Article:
I’m starting to feel just a little sad for Mack Brown.
He’s been one of the best coaches in college football for the last 15 years, the face of one of the sport’s most important programs and someone who’s figured out how to win a lot of football games without the words “sex with a hostess” showing up in an investigative report about his football team. So, that’s good.
But with Texas dropping to 1-2 after a 44-23 loss to Ole Miss at home Saturday, it feels like each day is another step down a plank of destruction for Brown and Texas. After Texas allowed the most yards ever in Brown’s tenure to BYU last week, he fired defensive coordinator Manny Diaz and replaced him with Greg Robinson, who has been working for Texas as a defensive specialist since July.
In Robinson’s first game leading the Texas D, the Longhorns allowed 449 yards, 272 of which came on the ground. The Horns couldn’t do anything with Jeff Scott, who racked up 164 yards and a TD on only 19 carries. The only thing Ole Miss quarterback Bo Wallace needed to do was not forget the snap count when he got under center.
Texas’ next six weeks look like this: Kansas State, bye, at Iowa State, Oklahoma, bye, at TCU. That’s probably two losses, could be three. How bad does it need to get in Austin for Brown not to make it to the end of the season? If the Horns are 2-5 before November, would that do it? It’s difficult to imagine Texas without Mack Brown on the sideline. Unfortunately, as the days pass, it’s becoming almost equally difficult to imagine the Horns with him through the year.
ONE OF THE WEEK’S BEST GAMES WASN’T MUCH ABOUT FOOTBALL
Just a quick mention of UCLA at Nebraska, a game the Bruins won 41-21 after falling behind 21-3 in the first half.
A week ago, it looked like one of the better games of the slate this week. Two good quarterbacks in Brett Hundley and Taylor Martinez, two interesting coaches, two top-25 teams playing at noon ET, a great setting in Lincoln. And then the game became about something different entirely when Bruins wide receiver Nick Pasquale was killed early last Sunday morning after being run over by a car.
Other than a few public comments UCLA coach Jim Mora made, the school shut down all media access to players and coaches this week so they could focus on their loss and at least try to move forward enough to play football on Saturday. Mora has tweeted 32 times since Pasquale’s death, with each one being a link to donate to a foundation in Pasquale’s name or some other mention of the fallen Bruin.
I don’t like attributing too much of a victory to playing in the honor of someone who died. It feels uncomfortable at best, insensitive at worst, and if the team suffering loses the game, does it mean they were any less inspired that day? Of course not. But, you know, sometimes these things really do have a powerful impact in sports. And if Brett Hundley wants to say the game was “so much bigger and we understand that now,” then we should believe him. It was also great to see the efforts Nebraska made to support UCLA and honor Pasquale. Thoughts to the Bruins family.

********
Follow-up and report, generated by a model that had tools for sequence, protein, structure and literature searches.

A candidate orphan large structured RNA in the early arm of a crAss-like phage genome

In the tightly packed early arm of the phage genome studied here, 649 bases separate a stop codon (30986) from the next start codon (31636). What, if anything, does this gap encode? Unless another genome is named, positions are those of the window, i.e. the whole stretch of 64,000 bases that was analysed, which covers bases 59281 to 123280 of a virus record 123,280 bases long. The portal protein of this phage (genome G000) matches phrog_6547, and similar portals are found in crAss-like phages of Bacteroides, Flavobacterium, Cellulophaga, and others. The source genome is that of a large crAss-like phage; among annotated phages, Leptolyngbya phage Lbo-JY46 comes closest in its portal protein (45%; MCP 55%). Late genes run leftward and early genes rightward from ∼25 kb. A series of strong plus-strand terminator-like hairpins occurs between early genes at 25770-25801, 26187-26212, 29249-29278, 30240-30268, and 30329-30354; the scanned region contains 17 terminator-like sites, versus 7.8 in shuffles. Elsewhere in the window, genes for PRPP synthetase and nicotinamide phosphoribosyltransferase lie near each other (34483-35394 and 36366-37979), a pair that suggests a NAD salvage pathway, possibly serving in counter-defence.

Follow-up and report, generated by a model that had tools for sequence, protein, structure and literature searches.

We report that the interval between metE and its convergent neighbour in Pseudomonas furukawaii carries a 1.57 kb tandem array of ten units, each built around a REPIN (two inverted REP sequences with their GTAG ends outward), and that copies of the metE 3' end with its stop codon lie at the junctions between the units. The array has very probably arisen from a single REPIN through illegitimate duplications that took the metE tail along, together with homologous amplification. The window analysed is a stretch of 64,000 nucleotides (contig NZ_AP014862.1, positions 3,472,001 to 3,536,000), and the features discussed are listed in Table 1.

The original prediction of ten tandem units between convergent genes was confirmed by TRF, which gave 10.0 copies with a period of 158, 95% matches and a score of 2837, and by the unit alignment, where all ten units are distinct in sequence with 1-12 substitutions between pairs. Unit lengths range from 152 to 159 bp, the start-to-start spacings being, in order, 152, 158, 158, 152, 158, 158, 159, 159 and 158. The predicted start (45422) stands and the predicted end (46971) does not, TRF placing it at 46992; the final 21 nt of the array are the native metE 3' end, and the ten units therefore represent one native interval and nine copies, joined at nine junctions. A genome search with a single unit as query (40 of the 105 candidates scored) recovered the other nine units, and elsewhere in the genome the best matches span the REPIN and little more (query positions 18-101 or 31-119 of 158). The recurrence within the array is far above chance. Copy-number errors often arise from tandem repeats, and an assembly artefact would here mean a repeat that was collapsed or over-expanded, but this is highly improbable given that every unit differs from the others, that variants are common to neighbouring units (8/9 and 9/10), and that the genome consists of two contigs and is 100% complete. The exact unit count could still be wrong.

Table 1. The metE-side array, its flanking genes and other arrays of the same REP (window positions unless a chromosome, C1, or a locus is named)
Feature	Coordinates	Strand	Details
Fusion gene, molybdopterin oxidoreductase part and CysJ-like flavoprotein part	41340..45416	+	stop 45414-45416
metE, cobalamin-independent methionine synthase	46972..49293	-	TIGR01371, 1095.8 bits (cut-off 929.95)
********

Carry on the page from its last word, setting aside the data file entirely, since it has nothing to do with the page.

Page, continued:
Five completely non-football related things.
After Alabama beat Texas A&M, crazy Crimson Tide fan Harvey Updyke – yes, he who poisoned the Toomer’s oaks – had some trash talk to deliver to Johnny Manziel.
Alabama running back T.J. Yeldon is trying very hard to make Nick Saban very angry at him.
Lane Kiffin might have cooled his hot seat just a bit with USC’s win against Boston College Saturday. But before the game? Trojans fans hung signs at their tailgates letting everyone know how they felt about the head coach.
NOTES FROM THE NATION
An assortment of links from around college football.
Alabama had a great two weeks of practice after the game against Virginia Tech, and it showed against Texas A&M, writes Andrew Gribble.
Hugh Kellenberger writes after Ole Miss’ big win in Austin, it’s time to start up the hype machine.
For one day, anyway, USC replaced the boos with some buzz, writes Bill Plaschke.
UCLA’s victory was special, and the Bruins might be too, writes Helene Elliott.
Oregon shook off a slow start to crush Tennessee, writes Ryan Thornburg.
Stanford was a little shaky but still took care of Army, writes Mike Tully.
It was the same ‘ol story with the same ‘ol outcome for Texas, writes Cedric Golden.
All is ‘Bell’ in Soonerland, writes Berry Tramel.
Oklahoma State’s romp of Lamar was a release in an unpleasant week for the program, writes Jenni Carlson.
Iowa State fans Iowa-State-fans-expected-more?odyssey=tab|topnews|text|Frontpage&nclick_check=1">expected more against Iowa, writes Randy Peterson.
Kansas State ran over Massachusetts, writes Kellis Robinett.
Jameis Winston and FSU overcame a slow start to crush Nevada, writes Bob Ferrante.
Tim Jernigan is ‘The Helmetless One,’ writes Patrik Nohe.
Georgia Tech trampled Duke in its ACC opener, writes Ken Suguira.
Maryland beat UConn and is now 3-0 on the season, writes Alex Prewitt.
The Michigan defense redeemed itself on the final play against Akron, writes Mark Snyder.
Notre Dame survived a scare at Purdue, writes Brian Hamilton.
Bowling Green used big plays to drop Kent State, writes Elton Alexander.
Idaho couldn’t complete the upset against Northern Illinois, writes Josh Wright.
Stony Brook had a nice comeback, but Buffalo won in five overtimes, writes Greg Logan.
Teddy Mitrosilis edits and writes college football for FOXSports.com. You can follow him on Twitter (@TMitrosilis) and reach him at firstname.lastname@example.org.